Strategies to develop putative biomarkers to characterize the female phenotype with autism spectrum disorders

Elizabeth B. Torres, Robert W. Isenhower, Polina Yanovich, Gwendolyn Rehrig, Kimberly Stigler, John Nurnberger, Jorge V. José

Research output: Contribution to journalArticle

12 Scopus citations


Current observational inventories used to diagnose autism spectrum disorders (ASD) apply similar criteria to females and males alike, despite developmental differences between the sexes. Recent work investigating the chronology of diagnosis in ASD has raised the concern that females run the risk of receiving a delayed diagnosis, potentially missing a window of opportunity for early intervention. Here, we retake this issue in the context of the objective measurements of natural behaviors that involve decisionmaking processes. Within this context, we quantified movement variability in typically developing (TD) individuals and those diagnosed with ASD across different ages. We extracted the latencies of the decision movements and velocity-dependent parameters as the hand movements unfolded for two movement segments within the reach: movements intended toward the target and withdrawing movements that spontaneously, without instruction, occurred incidentally. The stochastic signatures of the movement decision latencies and the percent of time to maximum speed differed between males and females with ASD. This feature was also observed in the empirically estimated probability distributions of the maximum speed values, independent of limb size. Females with ASD showed different dispersion than males with ASD. The distinctions found for females with ASD were better appreciated compared with those of TD females. In light of these results, behavioral assessment of autistic traits in females should be performed relative to TD females to increase the chance of detection.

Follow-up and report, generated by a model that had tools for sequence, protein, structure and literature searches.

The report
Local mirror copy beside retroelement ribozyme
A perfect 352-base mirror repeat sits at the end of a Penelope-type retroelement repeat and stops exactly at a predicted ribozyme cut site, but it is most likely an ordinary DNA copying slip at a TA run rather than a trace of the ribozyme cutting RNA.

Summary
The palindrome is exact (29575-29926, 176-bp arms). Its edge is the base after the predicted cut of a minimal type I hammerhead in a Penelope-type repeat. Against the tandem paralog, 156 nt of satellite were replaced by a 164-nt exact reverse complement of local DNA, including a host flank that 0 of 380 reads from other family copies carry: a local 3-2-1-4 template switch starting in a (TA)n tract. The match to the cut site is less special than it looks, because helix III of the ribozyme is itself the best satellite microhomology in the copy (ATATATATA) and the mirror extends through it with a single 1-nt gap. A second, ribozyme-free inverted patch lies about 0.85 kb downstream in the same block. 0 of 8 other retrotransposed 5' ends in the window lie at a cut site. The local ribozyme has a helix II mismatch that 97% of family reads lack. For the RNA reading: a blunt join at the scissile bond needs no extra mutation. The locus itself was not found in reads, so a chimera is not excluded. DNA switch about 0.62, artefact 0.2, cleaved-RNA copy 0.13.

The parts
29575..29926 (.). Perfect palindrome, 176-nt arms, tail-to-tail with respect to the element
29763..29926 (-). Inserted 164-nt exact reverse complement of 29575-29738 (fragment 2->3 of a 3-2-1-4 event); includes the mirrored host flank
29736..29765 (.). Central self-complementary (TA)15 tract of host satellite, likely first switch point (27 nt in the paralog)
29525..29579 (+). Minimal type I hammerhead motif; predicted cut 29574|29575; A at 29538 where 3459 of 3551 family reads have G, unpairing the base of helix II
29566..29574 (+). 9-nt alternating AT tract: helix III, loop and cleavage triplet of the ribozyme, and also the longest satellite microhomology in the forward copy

Original languageEnglish (US)
Pages (from-to)1646-1662
Number of pages17
JournalJournal of Neurophysiology
Issue number7
StatePublished - Oct 1 2013


  • Autism
  • Decision-making
  • Kinesthetic input
  • Movement decision time
  • Sex differences
  • Stochastic signatures

ASJC Scopus subject areas

  • Physiology
  • Neuroscience(all)

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